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[240] is all a sham to influence votes. My principles are, in the words of Franklin, “to step to the verge of the Constitution to discourage every species of traffic in human flesh.” I am a constitutionalist and a unionist, and have always been.

The Free Soilers stood resolutely upon their nomination, and presented it as their first and last one. Sumner, however, all along signified his entire readiness for the substitution of another candidate; and in order that his feelings might not be mistaken, he addressed a letter, February 22, to Wilson,1 to be communicated to the Free Soil members, in which—after recalling that his name had been brought forward contrary to his desires specially made known to all who communicated with him on the subject—he expressed the hope that the friends of freedom in the Legislature would not on any ground of delicacy towards him hesitate to transfer their support to some other candidate, faithful to the cause, and bade them to abandon him whenever they thought best, without notice or apology. These words, repeated orally and in writing, were understood to mean what they said. But policy, and a sense of what they had a right to claim from their allies, kept his supporters firm, and they resolved to stand by him.2 Their stubbornness was not merely from policy; for they believed that whatever might be the merits of other eminent Free Soilers, Sumner alone could by his power of speech and is daring fill the place of the antislavery protagonist in the Senate. The election of any other would in their view be half a defeat. The feeling of the Free Soilers outside of the Legislature was the same. Charles Allen wrote, February 7, ‘You must be the hero of this war to the end,—the conquering hero, I trust.’ S. C. Phillips forbade the use of his own name as an alternative, and counselled adherence to Sumner to the end.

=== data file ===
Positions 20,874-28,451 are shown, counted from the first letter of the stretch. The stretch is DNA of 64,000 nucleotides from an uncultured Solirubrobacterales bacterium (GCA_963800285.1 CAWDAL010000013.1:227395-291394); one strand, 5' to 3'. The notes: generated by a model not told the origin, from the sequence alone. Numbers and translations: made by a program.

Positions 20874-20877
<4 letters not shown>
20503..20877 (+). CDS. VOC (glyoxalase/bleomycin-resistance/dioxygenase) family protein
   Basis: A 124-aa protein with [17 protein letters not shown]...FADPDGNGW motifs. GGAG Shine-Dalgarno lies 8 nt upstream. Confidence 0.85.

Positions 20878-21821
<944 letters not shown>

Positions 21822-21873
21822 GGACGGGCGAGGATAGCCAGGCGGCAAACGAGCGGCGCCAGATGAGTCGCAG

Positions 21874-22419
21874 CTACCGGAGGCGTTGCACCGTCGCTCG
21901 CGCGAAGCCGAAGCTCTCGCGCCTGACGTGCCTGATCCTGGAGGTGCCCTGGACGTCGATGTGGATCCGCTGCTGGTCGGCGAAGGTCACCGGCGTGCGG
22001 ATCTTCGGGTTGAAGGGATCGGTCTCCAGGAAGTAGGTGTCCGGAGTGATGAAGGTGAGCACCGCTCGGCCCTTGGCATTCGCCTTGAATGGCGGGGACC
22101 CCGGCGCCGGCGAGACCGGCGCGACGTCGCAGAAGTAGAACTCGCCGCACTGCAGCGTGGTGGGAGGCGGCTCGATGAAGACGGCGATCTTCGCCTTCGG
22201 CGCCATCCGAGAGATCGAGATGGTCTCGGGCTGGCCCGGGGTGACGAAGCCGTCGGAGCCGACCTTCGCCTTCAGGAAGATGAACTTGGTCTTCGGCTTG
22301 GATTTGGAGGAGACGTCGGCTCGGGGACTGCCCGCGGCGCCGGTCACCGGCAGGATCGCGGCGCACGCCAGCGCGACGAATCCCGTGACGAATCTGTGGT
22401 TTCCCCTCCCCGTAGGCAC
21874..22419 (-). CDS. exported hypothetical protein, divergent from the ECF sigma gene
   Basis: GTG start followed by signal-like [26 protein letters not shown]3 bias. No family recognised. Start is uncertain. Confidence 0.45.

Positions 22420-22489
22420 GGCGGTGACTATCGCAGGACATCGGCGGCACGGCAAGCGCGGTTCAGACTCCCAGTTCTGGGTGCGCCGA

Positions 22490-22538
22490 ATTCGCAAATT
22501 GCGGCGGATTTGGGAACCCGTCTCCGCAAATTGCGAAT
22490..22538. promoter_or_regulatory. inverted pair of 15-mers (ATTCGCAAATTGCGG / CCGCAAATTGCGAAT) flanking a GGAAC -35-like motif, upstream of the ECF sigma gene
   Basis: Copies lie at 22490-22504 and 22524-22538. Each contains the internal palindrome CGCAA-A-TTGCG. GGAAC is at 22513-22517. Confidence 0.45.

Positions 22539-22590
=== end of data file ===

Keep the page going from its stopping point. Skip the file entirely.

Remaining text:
The contest dragged wearily on, and the prospect of success grew fainter. There was a meeting in Sumner's office, attended by some members of the Legislature and other leaders, where Sumner again volunteered to withdraw; but the general conviction was that a change of candidates would distract the united forces and give the Democrats who were reluctant to support a Free Soiler an excuse for escaping altogether from their pledges. So again it was decided to stand firm. The Free Soil members

1 Works, vol. II. pp. 429, 430. Commonwealth, April 26.

2 February 17

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